The first tree, in your post, is a huge tree! Your pictures are great and I love your logo! I love trees and living in the woods, it’s a good thing I do! As soon as our snow is all gone I’ll be out picking up all the twigs and branches in our yard. It’ll take many wheel barrow loads to clear our yard! Thanks for sharing, Marian!
I’m thrilled to see you here again, Anita. Lately I have been wondering about the “Gutenberg” gremlin you were dealing with earlier this year.
Almost every day I pick up twigs and branches in our backyard. If we’ve had high winds, I pull a bin around with me for the debris. If it’s just a few, then I throw them into the woods. Thanks for joining the conversation here, Anita, so appreciated. 🙂
Marian, Congratulations on creating your own imprint. Trees carry much meaning for writer and reader so it is an apt symbol. I wrote about a tree I had taken down last winter and the moments of my life it had “witnessed.” Now, nothing there but open sky. As for tidying up, writing does, yes? It allows us to bring clarity to our thoughts and what Virginia Woolf called “those moments of being.”
Thank you for your thoughtful comment, Susan. My book is not yet published, but every day I am grateful for the preface you wrote (It might have a different name now) and for naming some of the chapters – in short, your deep developmental edit. Spindletree is the name of our neighborhood and the bouffant foliage shows fruitfulness, an apt image, I hope. Thanks again for adding your wisdom to this conversation. 🙂
That live oak is gorgeous! Nice photos. I don’t know if you have ever read the book “The Overstory”, but your logo and post reminded me of this wonderful book.
And…I live in Lancaster County and just returned from a visit to my sister in Northeast Florida.
Welcome, Laurie. Thanks for the book title. I have not read Overstory, but your suggestion makes me curious. I left you a message on your contact page.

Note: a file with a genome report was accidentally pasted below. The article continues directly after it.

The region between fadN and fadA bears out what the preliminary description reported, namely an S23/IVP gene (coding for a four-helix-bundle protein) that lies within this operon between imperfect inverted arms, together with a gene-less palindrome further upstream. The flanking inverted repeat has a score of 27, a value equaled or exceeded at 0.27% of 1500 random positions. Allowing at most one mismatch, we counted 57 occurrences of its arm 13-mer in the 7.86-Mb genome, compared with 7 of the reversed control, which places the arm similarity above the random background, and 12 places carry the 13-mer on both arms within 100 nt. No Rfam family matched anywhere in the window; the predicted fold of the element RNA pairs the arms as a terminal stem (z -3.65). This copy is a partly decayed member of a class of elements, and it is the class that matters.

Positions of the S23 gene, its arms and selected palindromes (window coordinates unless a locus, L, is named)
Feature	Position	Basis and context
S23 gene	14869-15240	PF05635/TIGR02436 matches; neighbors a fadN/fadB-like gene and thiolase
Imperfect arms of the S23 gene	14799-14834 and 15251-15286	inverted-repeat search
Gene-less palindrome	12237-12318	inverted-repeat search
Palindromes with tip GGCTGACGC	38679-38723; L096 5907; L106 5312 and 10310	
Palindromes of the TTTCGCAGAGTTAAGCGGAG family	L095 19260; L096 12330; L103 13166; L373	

Again, thanks for joining the conversation here.
Love your logo Marian. And that first photo with the sun peering through the tree was stunning. 🙂
I’m glad you approve. My artist-in-residence spent many hours getting just the right colors, curves and fonts. About the photo: lucky shot taken, I believe, just before the guys got into action.
Always glad to see you here, Debby! 😀
Love your logo! And the shots of your trees! Still enjoying minus temperatures here…
Isn’t every little boy’s dream to climb trees? Mine does it for a living…only around highways and hydro wires. Guess who I’m taking to climb trees with me this summer? The tree looks great! Can’t wait for Spring.
I’m glad this post hit the spot for you and pulled out an image and some anticipation. May spring find you soon in your part of the world, Jenn! 🙂
I LOVE tidying up, and that’s a good thing or our 19ft living space would have no space. 🙂 Since the world is our yard, we don’t have to tidy up the outside. But, we have a house sit planned in the beginning of April and that will be the perfect time for a Zesty spring cleaning. 🙂 Trimming trees means more sunlight in the garden, so I hope that makes your winter a tad warmer, Marian. Or, maybe northern Florida has been spared from the much colder than usual winter time.
I wonder where you are house sitting … probably time to catch up on your blog posts. Yes, I wish for more sunlight for each of us. Thanks, Liesbet!
Not house sitting right now, but traveling in Arizona in our camper. Still cold as we are above 5,000ft. Our upcoming house sit is a repeat sit in Albuquerque, NM with the “cactus” dogs. 🙂 That will be for five weeks in April.